Above. Upton Romano-British Farm. Keith Jarvis points to the vertical wattlework, an experimental feature based on evidence from Roman London.
Below. The Archeodrome: part of the reconstructed Roman villa.
Peter Reynolds made sur e I was comfortable on my hay bale and wouldn't fall off when he made his announcement: 'David, we're going to build a villa!' The Butser Ancient Farm is full of surprises, but thi s one caugh t me off my guard . For normally , Peter i s so convinced of th e superiority of Iron Age Celts that I seldom dare to stand up for 'the Romans' - especially in front of my students - since I always lose the argument . So this could hardl y be a sudden conversion to Rome, and I waited for the real reason: the National Curriculum. Whatever the merits of the Celts, History in schools today has to start with the Romans. And the experimental Iron Age complex at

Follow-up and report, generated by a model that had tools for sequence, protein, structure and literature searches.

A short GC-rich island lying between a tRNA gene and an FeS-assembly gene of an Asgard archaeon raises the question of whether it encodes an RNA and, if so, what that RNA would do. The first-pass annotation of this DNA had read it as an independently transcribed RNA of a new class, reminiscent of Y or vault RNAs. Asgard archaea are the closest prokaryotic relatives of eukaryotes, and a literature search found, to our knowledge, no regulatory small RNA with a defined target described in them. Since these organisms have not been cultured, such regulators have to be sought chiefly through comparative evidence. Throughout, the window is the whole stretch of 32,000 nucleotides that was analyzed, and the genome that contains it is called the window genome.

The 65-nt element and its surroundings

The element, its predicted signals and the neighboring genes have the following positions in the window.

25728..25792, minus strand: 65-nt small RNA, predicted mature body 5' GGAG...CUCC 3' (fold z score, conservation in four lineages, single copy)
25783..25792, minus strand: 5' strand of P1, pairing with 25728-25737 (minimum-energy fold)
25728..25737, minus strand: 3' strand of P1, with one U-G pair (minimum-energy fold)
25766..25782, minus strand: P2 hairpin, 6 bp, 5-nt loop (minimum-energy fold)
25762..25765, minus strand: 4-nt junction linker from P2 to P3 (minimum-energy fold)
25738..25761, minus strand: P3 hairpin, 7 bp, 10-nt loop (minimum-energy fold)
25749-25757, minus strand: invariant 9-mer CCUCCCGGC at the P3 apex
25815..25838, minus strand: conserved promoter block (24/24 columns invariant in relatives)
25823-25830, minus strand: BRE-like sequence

Butser has to move with the times.
In this respect we all have to move with the times, and Britain is far behind Europe as far as three-dimensional Roman buildings are concerned. To be precise, we have six current projects, nearly all of them still on the drawing-board; and five completed displays that can actually be visited - all, curiously, militar y or defensiv e i n character . Best known, perhaps, is The Lunt, Baginton, a fine displa y of turf and timber construction . Elsewhere we can admir e th e towerin g reconstructed masonry defences of Cardiff and Manchester, and sample sections of Hadrian's Wall (turf and stone phases, with turrets) at Vindolanda. The vast gateway at South Shields gives a superb view of the excavated fort, wher e a n ambitiou s programme of replica structures is in the planning stage.
My favourite project, due for completion in 1995, is the centrepiece of the Upton Romano-British Farm near Poole, Dorset. It represents the simplest kind of structure, a wattle-and-dau b cottag e (admittedl y of unique form), no doubt once inhabited by a family working on the nearby marshes, either
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